by Bob Tinsley
It seems like audio books (audiobooks[?]) are a burgeoning market.
The Wall Street Journal wrote a whole article about it.
About a month before the WSJ article the NYTimes published a piece about how audiobooks are helping struggling actors make a pretty good living at their craft.
Julliard and Yale have gone so far as to offer audio narration workshops, Julliard since 2008. With Audible.com having hired 2,000 actors and produced 10,000 works last year voice actors are suddenly in demand, at least more than they used to be.
In reality, audio books have been a growing market since, well, since there have been audio books. It’s the rate of growth that’s been bouncing around like a ping pong ball with a mouse inside. The thing is, people like to have things read to them. The human voice is the most powerful communication tool we have and perhaps the most important sound in our lives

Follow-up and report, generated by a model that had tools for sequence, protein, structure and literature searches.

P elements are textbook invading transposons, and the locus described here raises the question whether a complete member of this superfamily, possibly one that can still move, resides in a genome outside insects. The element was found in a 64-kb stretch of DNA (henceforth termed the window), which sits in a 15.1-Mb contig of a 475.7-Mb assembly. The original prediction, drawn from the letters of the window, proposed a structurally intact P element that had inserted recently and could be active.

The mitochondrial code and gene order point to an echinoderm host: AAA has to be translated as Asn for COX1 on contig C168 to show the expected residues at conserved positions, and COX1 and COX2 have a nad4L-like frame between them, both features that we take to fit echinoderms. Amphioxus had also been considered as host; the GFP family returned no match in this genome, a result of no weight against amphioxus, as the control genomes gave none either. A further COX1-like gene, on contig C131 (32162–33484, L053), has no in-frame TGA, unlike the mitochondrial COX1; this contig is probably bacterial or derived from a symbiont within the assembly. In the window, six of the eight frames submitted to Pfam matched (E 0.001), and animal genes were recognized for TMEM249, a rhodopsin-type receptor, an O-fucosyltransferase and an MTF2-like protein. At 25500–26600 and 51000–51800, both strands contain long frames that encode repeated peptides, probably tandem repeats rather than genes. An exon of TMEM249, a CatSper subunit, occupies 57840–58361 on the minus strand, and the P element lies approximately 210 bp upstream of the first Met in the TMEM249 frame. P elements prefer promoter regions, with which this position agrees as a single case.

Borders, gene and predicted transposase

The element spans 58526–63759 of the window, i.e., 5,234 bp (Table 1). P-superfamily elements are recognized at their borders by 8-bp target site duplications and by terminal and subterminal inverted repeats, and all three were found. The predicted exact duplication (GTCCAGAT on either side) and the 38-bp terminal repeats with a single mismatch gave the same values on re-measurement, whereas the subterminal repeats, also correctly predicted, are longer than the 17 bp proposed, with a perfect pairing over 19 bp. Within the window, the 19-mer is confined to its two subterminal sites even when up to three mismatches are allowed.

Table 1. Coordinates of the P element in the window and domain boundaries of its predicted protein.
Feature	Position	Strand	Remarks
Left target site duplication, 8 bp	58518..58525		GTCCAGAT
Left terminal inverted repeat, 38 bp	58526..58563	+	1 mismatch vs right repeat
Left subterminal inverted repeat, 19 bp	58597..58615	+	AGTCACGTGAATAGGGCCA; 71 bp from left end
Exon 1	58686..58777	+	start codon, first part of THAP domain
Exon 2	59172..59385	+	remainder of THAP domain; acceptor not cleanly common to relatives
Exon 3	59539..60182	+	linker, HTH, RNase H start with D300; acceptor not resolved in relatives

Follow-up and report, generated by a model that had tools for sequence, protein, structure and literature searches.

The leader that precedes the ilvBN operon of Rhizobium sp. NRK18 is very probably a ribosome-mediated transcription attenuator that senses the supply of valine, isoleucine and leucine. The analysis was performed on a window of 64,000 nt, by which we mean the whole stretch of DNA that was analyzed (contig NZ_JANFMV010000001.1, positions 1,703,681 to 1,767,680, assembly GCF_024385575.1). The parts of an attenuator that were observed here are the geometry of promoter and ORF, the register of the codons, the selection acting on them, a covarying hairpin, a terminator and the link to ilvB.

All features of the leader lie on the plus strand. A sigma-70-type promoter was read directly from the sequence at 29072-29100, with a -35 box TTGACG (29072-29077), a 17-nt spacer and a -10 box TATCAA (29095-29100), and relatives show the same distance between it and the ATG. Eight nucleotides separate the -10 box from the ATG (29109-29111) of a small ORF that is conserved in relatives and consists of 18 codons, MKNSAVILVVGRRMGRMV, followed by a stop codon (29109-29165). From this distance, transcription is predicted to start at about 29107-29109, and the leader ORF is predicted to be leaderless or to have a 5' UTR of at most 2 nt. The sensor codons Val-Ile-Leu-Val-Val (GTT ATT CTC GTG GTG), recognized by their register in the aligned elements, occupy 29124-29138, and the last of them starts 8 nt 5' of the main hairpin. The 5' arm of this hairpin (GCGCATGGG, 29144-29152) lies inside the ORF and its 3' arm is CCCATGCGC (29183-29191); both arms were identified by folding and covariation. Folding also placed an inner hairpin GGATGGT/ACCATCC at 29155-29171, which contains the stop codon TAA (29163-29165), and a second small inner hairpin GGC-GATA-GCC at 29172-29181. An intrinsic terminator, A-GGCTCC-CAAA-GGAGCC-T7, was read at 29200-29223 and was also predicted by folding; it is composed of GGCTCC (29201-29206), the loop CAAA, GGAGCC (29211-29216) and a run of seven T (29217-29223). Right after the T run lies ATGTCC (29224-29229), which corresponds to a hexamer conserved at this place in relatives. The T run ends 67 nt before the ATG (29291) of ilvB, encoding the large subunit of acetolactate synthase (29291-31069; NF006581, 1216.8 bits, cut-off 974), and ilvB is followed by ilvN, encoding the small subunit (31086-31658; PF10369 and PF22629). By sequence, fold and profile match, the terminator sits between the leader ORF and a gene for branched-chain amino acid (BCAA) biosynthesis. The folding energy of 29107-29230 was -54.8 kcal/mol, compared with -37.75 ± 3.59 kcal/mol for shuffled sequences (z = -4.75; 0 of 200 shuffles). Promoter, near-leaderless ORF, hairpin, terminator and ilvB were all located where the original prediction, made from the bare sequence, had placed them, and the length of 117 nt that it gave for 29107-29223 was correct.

So, people like to listen. They like to listen to audio books. Can that – will that carry over into audio drama?
I, for one, certainly hope so. Audio drama, what used to be called radio drama (and still is in Europe), is a much richer experience than simple narration. Himan Brown, who over a 65-year career produced over 30,000 radio programs, said, “The key to radio drama is sound – is imagination – is what you can do by stirring somebody. . . . There’s nothing bloodier than the blood you see in your imagination.”
Sound is just as complex as visuals and is better at evoking emotion. A horror movie without the sound is just a series of pictures. Next time you watch one on Netflix try turning off the sound. You’ll hear what I mean.
So why isn’t audio drama climbing the commercial and critical success ladder right alongside (or at least just behind) audio books?
I think it’s a matter of perception.
“Audio drama is just radio drama, old, poorly recorded and badly acted.”
That is a perception I want to correct. Join in the discussion. If you have questions, I’ll try to answer them. If you have opinions, chime in. All welcome.